GeneralThis forum is for non-technical general discussion which can include both Linux and non-Linux topics. Have fun!
Welcome to LinuxQuestions.org, a friendly and active Linux Community.
You are currently viewing LQ as a guest. By joining our community you will have the ability to post topics, receive our newsletter, use the advanced search, subscribe to threads and access many other special features. Registration is quick, simple and absolutely free. Join our community today!
Note that registered members see fewer ads, and ContentLink is completely disabled once you log in.
If you have any problems with the registration process or your account login, please contact us. If you need to reset your password, click here.
Having a problem logging in? Please visit this page to clear all LQ-related cookies.
Introduction to Linux - A Hands on Guide
This guide was created as an overview of the Linux Operating System, geared toward new users as an exploration tour and getting started guide, with exercises at the end of each chapter.
For more advanced trainees it can be a desktop reference, and a collection of the base knowledge needed to proceed with system and network administration. This book contains many real life examples derived from the author's experience as a Linux system and network administrator, trainer and consultant. They hope these examples will help you to get a better understanding of the Linux system and that you feel encouraged to try out things on your own.
Click Here to receive this Complete Guide absolutely free.
PLEASE NOTE: All LQ Rules apply to the General forum. Flame wars, personal attacks, hostility, insults and behavior of that nature will not be tolerated. Differing opinions are one of the things that make this site great, but to benefit from differing opinions the discourse must happen respectfully and thoughtfully... without insult or personal attack. Members who are unable or unwilling to participate in General under those parameters will not be permitted to do so. If you see behavior of this nature please report it.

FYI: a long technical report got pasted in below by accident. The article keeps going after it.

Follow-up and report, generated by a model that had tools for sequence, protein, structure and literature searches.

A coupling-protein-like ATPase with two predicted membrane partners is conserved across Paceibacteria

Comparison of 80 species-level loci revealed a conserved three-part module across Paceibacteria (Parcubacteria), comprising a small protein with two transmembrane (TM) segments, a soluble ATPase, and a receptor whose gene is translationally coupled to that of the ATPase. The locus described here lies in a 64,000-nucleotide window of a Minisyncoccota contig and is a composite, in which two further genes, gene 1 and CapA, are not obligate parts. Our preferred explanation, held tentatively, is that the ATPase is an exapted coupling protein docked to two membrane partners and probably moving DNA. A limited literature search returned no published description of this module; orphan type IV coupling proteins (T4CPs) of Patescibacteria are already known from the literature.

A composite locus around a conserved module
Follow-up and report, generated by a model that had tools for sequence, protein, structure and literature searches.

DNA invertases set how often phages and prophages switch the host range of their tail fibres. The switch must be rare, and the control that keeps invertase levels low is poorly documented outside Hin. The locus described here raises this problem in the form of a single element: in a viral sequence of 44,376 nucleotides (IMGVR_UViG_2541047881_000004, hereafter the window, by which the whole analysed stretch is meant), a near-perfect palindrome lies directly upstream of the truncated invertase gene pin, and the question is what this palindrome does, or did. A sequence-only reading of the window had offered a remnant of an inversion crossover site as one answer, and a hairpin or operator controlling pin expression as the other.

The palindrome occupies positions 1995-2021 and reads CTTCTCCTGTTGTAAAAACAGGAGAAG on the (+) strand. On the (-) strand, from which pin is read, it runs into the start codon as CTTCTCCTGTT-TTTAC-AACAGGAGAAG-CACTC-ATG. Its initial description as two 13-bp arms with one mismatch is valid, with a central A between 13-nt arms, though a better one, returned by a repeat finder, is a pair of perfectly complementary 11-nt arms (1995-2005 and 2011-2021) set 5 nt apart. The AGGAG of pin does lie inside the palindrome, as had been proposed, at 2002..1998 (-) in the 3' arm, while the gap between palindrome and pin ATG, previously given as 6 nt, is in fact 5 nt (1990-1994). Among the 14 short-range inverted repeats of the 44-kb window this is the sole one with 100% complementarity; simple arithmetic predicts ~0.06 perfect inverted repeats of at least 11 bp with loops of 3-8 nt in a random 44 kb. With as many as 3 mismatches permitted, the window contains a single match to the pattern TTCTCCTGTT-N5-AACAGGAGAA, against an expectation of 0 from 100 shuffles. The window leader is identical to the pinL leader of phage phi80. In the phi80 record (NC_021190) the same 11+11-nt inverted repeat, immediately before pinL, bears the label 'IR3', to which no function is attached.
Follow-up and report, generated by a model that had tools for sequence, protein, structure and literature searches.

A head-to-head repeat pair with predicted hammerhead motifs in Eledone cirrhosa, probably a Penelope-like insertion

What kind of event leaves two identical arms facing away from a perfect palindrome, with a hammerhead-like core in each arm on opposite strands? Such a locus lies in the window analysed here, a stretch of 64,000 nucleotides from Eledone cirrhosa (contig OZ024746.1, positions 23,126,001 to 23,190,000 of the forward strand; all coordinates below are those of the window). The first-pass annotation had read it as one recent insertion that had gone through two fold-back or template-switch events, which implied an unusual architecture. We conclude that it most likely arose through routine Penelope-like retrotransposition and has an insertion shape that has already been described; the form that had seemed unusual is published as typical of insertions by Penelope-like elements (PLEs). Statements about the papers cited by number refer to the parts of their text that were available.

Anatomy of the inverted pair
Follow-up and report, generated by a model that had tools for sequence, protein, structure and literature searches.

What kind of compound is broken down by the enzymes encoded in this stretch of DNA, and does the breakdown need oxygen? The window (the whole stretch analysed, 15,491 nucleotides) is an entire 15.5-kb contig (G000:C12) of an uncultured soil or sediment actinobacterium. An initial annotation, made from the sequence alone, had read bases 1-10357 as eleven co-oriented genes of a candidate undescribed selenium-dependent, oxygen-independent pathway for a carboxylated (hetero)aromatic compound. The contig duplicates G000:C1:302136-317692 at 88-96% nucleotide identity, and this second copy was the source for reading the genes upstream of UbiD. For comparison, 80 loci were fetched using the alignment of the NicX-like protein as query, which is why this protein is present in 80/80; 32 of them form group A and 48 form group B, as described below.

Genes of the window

I'm a newbie to linux and i put together a little system to run either Slackware or Ubuntu. I've been playing around with both of them on my windows machine thru VMware player. I like both looks and the overall setting and layout of the Operating systems.
SO? which one would you guys (and gals) pick for me to learn on and get some experience under my feet???
Thanx in advance
I tend to like the more "do it yourself" type distro, something along the lines of debian/slackware/gentoo. Although, I have considered installing Ubuntu for my desktop. Basically, from what I've heard, slackware is supposed to be the most UNIX like of the linux distros. I don't honestly know, I've only used slack for a short amount of time, and I didn't have a UNIX system to compare it to.
I personally have had nothing but problems with Slackware, but I've heard many good things about it. Personally, however, I don't care for either one. Ubuntu seems more user-friendly. Try it, and when you become familiar with Linux, I would recommend migrating to Debian Etch or Arch.
There is nothing beyond the learning reach. Try what you will, you can learn alot by using whatever. Don't let the "hard ones" scare you off, they are only hard if you let them be. Read read read and you will be fine. Linux is about choice, explore your choices, don't it just make you all fuzzy inside having that freedom? Just have fun!
Personally, I started with Mandrake (now Mandriva) because a friend gave it to me. I never liked it very much. After a while, I started trying out other distros. I didn't like Ubuntu because of the GNOME when I had gotten used to KDE. Yes, I know about Kubuntu. I learned to like the command line, and finally ended up with Slackware. If I were you, I probably wouldn't start with either one. Search Distrowatch and look at the Linux distribution chooser. If it has a live-cd version, try it out.
Gnome or KDE, area what i would say are the most obvious differences. If you prefer the desktop look of slack and kde, but the easy of ubuntu, then go for kubuntu. If you like the look of ubuntu and gnome, go for slack but you will need to get gnome later yourself, as i dont think slack has gnome on the cds, i maby wrong, i didnt look for gnome on slack